That sounds like a pretty big number.  It is.

On average days in winter, Michigan draws about 2.5 billion units per day.  During last week’s cold stretch they began a draw of 3.3 billion units per day.  This wouldn’t have been a problem until the explosion happened.

While the gas was still in the ground, a big chunk couldn’t be accessed.  On top of that, the extra 30% demand was a lot for the system to handle.

The gas company started to worry if they would be able to meet the demand.  Would other storage areas become depleted?  Could the high demand put too much pressure on the system?  What if another explosion happened at a different facility?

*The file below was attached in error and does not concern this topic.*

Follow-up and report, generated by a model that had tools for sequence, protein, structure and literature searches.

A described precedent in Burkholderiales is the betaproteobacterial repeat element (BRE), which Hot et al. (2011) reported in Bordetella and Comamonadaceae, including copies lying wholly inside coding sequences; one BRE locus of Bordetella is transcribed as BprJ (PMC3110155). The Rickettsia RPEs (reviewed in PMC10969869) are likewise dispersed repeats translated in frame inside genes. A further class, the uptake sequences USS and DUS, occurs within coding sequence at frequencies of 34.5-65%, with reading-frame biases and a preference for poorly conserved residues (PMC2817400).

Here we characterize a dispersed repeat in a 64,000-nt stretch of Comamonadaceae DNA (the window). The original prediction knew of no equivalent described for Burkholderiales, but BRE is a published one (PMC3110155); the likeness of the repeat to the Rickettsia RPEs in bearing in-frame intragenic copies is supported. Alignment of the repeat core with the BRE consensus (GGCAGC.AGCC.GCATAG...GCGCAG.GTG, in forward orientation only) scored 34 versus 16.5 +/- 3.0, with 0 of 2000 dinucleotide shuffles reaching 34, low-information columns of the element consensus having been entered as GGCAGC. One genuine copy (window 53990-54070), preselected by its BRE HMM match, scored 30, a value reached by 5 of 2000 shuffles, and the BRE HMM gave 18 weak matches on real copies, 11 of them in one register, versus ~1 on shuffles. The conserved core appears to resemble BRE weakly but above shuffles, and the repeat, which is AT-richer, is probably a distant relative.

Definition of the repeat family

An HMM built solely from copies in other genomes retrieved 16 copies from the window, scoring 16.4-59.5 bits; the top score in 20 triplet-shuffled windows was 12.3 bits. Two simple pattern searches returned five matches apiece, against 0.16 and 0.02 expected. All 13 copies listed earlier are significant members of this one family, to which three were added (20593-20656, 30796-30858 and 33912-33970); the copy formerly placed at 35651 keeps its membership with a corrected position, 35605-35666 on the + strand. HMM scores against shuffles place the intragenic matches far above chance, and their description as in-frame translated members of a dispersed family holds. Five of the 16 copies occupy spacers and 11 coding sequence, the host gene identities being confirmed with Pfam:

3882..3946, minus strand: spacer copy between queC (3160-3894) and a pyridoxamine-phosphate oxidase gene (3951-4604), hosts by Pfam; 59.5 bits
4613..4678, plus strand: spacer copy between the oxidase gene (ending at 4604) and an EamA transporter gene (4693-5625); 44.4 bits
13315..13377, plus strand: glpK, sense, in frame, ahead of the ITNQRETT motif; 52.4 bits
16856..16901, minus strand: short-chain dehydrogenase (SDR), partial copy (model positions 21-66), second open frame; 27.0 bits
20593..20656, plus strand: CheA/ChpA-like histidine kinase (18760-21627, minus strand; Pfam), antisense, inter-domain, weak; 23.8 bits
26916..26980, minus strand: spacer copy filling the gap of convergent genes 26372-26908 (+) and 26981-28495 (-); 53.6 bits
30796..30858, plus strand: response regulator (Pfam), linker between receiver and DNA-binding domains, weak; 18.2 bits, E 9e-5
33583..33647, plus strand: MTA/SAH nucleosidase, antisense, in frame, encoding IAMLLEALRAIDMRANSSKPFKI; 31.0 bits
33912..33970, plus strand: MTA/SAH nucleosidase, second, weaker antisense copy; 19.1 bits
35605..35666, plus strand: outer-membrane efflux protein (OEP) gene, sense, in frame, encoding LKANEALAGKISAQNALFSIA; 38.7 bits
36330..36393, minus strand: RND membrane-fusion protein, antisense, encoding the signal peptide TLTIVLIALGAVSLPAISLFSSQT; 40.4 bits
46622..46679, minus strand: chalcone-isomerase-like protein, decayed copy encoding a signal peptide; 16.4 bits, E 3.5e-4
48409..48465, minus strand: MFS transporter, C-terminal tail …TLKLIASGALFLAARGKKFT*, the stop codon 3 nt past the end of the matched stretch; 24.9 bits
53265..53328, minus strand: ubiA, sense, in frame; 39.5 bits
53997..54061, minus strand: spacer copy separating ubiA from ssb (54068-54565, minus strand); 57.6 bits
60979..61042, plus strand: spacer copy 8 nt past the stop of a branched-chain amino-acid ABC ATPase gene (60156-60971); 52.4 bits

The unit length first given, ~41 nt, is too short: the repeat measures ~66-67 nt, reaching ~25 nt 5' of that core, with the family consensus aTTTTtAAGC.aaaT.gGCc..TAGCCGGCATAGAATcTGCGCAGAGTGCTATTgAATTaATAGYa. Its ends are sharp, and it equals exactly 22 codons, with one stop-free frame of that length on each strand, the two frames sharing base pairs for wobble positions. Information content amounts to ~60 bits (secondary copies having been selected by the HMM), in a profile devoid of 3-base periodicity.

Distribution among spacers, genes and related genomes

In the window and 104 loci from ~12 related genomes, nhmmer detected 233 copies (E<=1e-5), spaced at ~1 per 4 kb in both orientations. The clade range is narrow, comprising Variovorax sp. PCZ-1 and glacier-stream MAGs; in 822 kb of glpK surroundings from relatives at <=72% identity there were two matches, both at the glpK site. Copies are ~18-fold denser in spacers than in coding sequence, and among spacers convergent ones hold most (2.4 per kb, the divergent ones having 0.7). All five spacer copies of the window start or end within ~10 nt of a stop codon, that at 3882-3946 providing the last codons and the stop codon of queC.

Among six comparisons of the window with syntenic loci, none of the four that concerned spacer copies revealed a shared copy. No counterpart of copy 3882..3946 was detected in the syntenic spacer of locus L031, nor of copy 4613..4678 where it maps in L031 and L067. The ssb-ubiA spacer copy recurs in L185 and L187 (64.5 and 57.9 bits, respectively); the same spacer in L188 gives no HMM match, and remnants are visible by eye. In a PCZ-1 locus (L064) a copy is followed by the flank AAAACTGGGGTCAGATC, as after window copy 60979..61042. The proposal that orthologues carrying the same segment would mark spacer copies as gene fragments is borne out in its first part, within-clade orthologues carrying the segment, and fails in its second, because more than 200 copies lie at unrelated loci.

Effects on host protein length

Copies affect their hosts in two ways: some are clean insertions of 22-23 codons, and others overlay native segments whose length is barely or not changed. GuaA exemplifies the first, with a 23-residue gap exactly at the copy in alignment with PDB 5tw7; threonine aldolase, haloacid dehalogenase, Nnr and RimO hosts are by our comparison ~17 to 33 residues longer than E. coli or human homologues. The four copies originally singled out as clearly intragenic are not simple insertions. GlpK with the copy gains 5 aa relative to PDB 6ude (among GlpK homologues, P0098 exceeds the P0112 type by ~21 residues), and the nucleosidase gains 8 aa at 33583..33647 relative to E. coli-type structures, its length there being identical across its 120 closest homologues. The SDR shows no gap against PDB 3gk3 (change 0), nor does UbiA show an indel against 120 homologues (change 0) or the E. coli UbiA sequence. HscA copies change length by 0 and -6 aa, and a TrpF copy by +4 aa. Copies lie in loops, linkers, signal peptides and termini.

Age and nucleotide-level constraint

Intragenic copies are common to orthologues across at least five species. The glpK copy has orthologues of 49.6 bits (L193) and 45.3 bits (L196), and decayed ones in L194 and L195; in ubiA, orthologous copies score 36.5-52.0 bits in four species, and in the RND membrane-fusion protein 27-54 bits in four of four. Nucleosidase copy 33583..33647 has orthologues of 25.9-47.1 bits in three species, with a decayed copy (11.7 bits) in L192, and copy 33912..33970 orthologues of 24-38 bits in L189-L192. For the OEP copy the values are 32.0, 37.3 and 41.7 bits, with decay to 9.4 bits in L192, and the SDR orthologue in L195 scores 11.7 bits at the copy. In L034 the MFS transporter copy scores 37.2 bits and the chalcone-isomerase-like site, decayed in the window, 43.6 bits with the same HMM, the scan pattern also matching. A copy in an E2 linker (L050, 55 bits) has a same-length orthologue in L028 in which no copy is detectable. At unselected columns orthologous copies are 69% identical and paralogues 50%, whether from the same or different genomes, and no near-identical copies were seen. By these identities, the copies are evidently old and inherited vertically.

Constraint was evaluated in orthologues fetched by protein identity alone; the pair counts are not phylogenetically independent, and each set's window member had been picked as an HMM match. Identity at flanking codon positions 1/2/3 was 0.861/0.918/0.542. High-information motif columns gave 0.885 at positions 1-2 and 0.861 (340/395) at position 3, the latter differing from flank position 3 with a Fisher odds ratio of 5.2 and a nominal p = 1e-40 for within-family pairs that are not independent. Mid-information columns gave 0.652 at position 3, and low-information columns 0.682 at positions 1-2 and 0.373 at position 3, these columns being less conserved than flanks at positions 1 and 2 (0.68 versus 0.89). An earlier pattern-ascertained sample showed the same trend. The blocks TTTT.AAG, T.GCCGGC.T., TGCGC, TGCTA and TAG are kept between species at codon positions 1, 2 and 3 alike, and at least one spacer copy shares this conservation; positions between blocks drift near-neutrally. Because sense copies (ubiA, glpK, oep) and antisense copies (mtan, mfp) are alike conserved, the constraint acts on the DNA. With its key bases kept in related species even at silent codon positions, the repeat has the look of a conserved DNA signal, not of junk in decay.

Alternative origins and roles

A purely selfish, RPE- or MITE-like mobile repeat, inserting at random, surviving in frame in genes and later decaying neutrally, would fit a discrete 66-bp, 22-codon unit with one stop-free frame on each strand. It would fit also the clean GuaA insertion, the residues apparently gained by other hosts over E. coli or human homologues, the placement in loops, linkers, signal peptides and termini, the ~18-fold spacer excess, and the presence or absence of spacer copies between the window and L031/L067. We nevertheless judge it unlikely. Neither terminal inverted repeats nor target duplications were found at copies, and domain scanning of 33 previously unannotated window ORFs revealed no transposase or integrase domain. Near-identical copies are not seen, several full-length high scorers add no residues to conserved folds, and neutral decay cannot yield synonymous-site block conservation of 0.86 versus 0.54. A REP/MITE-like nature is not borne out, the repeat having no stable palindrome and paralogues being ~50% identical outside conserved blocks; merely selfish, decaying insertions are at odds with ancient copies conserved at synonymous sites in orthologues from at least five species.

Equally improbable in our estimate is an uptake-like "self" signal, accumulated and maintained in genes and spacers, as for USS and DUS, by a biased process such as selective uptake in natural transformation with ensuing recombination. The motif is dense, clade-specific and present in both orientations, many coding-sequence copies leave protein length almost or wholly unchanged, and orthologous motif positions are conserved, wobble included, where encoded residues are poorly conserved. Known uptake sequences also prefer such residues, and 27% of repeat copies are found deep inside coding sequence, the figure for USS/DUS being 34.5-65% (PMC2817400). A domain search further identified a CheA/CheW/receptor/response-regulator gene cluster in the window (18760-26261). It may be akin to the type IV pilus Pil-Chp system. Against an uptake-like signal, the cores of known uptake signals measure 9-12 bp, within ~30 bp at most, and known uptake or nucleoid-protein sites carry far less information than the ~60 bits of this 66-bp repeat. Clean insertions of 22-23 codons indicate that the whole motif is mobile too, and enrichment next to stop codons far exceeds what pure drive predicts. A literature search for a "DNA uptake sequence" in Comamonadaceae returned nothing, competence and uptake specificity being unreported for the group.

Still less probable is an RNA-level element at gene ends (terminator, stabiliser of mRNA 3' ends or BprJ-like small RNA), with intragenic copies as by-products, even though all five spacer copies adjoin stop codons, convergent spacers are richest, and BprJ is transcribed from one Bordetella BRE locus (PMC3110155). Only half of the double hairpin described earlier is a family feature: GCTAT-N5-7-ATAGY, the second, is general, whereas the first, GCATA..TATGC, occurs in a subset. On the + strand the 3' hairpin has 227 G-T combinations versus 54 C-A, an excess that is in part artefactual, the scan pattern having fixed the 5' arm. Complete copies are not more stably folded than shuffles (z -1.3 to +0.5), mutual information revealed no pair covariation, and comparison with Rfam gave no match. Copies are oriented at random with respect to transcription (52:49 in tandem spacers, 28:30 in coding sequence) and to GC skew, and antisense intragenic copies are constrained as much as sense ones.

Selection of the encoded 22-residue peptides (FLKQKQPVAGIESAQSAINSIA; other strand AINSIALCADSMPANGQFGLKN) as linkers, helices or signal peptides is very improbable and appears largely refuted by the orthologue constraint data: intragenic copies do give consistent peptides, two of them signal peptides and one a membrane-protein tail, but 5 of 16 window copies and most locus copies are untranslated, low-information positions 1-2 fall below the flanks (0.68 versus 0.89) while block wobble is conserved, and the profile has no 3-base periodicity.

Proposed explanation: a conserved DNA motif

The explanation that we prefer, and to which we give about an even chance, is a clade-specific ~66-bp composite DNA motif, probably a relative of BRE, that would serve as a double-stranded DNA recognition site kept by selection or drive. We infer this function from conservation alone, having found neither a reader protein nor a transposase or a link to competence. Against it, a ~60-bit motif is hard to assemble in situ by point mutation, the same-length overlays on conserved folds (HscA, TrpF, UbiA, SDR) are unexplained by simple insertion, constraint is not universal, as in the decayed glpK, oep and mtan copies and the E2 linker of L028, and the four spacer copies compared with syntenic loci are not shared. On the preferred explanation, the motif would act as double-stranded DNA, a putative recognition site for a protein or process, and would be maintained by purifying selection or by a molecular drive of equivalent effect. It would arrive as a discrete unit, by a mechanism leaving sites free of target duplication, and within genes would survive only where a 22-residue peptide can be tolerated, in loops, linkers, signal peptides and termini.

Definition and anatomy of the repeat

The system had a lot of redundancy built in.  This is obvious with the fact that when the explosion happened that nobody lost gas to their house.  But, at this point, any further problems and there might not be redundancy.

In other words, the system was at risk of failure.  With wind chills that would (and did) freeze people to death in a matter of minutes, or hours, this couldn’t happen.  The gas company wouldn’t tolerate even a risk of this.

So they sent out a plea.

A Call For Action

The gas company started sending out messages asking people and companies to reduce demand.  They knew that high demand would increase the risk of failure.  It simply couldn’t happen.